Nairobi taught me more than I could ever learn at any school!

Living in Nairobi, Kenya and travelling through rural areas was an experience I shall always remember. Some who’ve never had the opportunity may think of Nairobi, Africa on the whole, as an epitome for backwardness. I went there not knowing what to expect. As it turned out, I was stunned on arrival. I never expected to see malls far larger than those here in Saint Lucia; huge mansions and wide streets bustling with activity. The nightlife was nothing short of a teenager’s dream. That is not to say the capital of Kenya has everything. It is still a developing country. As for the people, I found them very friendly, laid back and nearly always helpful.

Going to the rural areas, was a major eye-opener. I was shocked at the lifestyle, so different from life in the capital. I enjoyed learning about how the people prized their cattle, their goats and sheep. So many different tribes, too, all with their own unique customs. Try to imagine living quarters, homes made of mud and cow dung; beds made of bits of wood. And of course there is the area in each home reserved specially for their animals. Some of the quarters were barely large enough to accommodate a regular family of seven but the animals were given their own space. All lightning was natural. During the day it came from the sun, and at night from open fires.

Their cattle, sheep and goats are held in high regard by Nairobi’s Masia tribe.

The visits I made with friends to these communities were arranged by our school. Here is another thing I will long remember: the way the kids loved going to classes. They held education in high regard. Few of them ever cut classes. Unfortunately many were forced to stay at home; either their parents could not afford to send them to school or they were required to help the family make an income that does not come easy to most people. Their parents couldn’t afford to send them to school, or the children were needed at home to help their parents large make an income sufficient to feed their large families. Many students could not attend school because one of their cows had strayed or had been stolen. Or in the case of girls, their menstrual cycle got in the way. The parents of young students often did not have the money to pay for sanitary napkins.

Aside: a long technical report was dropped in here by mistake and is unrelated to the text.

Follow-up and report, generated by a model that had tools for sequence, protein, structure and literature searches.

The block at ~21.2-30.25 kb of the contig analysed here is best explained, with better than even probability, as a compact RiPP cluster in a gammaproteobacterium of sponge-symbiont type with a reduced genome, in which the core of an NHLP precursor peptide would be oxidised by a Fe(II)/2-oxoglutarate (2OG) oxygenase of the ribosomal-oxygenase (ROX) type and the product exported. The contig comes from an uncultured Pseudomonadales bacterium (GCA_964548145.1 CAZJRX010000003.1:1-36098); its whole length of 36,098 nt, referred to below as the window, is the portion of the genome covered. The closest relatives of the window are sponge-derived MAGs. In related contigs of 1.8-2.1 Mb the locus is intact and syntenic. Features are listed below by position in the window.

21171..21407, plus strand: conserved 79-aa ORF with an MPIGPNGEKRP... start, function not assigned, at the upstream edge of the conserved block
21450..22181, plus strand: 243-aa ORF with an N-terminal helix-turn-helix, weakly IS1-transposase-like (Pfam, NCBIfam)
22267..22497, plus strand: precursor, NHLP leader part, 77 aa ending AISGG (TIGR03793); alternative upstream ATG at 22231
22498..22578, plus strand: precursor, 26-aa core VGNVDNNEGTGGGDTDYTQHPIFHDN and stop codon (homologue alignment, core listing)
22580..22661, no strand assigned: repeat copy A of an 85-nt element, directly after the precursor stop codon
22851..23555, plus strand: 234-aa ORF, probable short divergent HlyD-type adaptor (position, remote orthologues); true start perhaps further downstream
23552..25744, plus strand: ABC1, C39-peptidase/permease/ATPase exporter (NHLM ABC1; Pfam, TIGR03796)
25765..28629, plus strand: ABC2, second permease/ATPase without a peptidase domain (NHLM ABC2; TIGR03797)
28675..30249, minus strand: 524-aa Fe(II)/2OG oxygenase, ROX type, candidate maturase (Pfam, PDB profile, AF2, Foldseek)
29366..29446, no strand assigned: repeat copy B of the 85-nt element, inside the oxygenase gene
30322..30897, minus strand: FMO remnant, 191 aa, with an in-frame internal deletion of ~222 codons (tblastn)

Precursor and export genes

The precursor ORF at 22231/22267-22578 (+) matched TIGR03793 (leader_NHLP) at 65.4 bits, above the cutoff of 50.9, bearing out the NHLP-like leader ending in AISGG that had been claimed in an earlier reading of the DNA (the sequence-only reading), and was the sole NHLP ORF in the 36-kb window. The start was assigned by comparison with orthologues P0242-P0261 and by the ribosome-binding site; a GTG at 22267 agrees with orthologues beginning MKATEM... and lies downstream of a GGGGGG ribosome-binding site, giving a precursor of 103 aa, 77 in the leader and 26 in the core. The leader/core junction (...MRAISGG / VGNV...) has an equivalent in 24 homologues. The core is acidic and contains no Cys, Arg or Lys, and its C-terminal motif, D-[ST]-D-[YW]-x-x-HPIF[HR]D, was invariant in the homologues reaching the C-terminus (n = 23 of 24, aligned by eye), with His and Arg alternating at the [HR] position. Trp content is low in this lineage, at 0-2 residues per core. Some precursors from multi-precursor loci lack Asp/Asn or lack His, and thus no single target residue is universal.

As for the schools, they were usual short of pencils, notebooks, exercise books, textbooks, blackboards and chalk. Classes were often held in the open air. You may ask, without chalk how did the teachers write. They wrote in the dirt with their forefinger. Of course, the writing didn’t stay very long; like writing on beach sand. Students needed an uncommon sense of recall.

Arranged marriages are commonplace among the tribes. Marriages are arrganged based on how much cattle a suitor can afford. In some communities toddlers wear tribal necklaces to indicate they have been taken. The number of necklaces around a girl’s neck tell when they are of age to marry, usually to men many years older than the young women who have no say in the matter.

I started out saying how advanced was the capital of Kenya but it’s no heaven. Hustlers are everywhere trying sell pirated DVDs, flowers, fruit, hand-carved craft, animal food, even rabbits, kittens and puppies in boxes. The items don’t belong to the vendors. Rather they belong to people who are the equal of slave holders. If a vendor falls short of his or her sales quota, there is usually a heavy price to pay: broken limbs, gouged eyes in some cases. Many of these disabled former vendors are abandoned to beg on the streets for survival, usually accompanied by a relative still able to see.

I will always cherish the time I lived in Nairobi. I learned there to be grateful for things most people might take for granted. I learned to do without. As a young person I witnessed how hard life can be. I feel sorry for people who have ten times as much as the tribesmen I met in Kenya yet have no idea how lucky they are.

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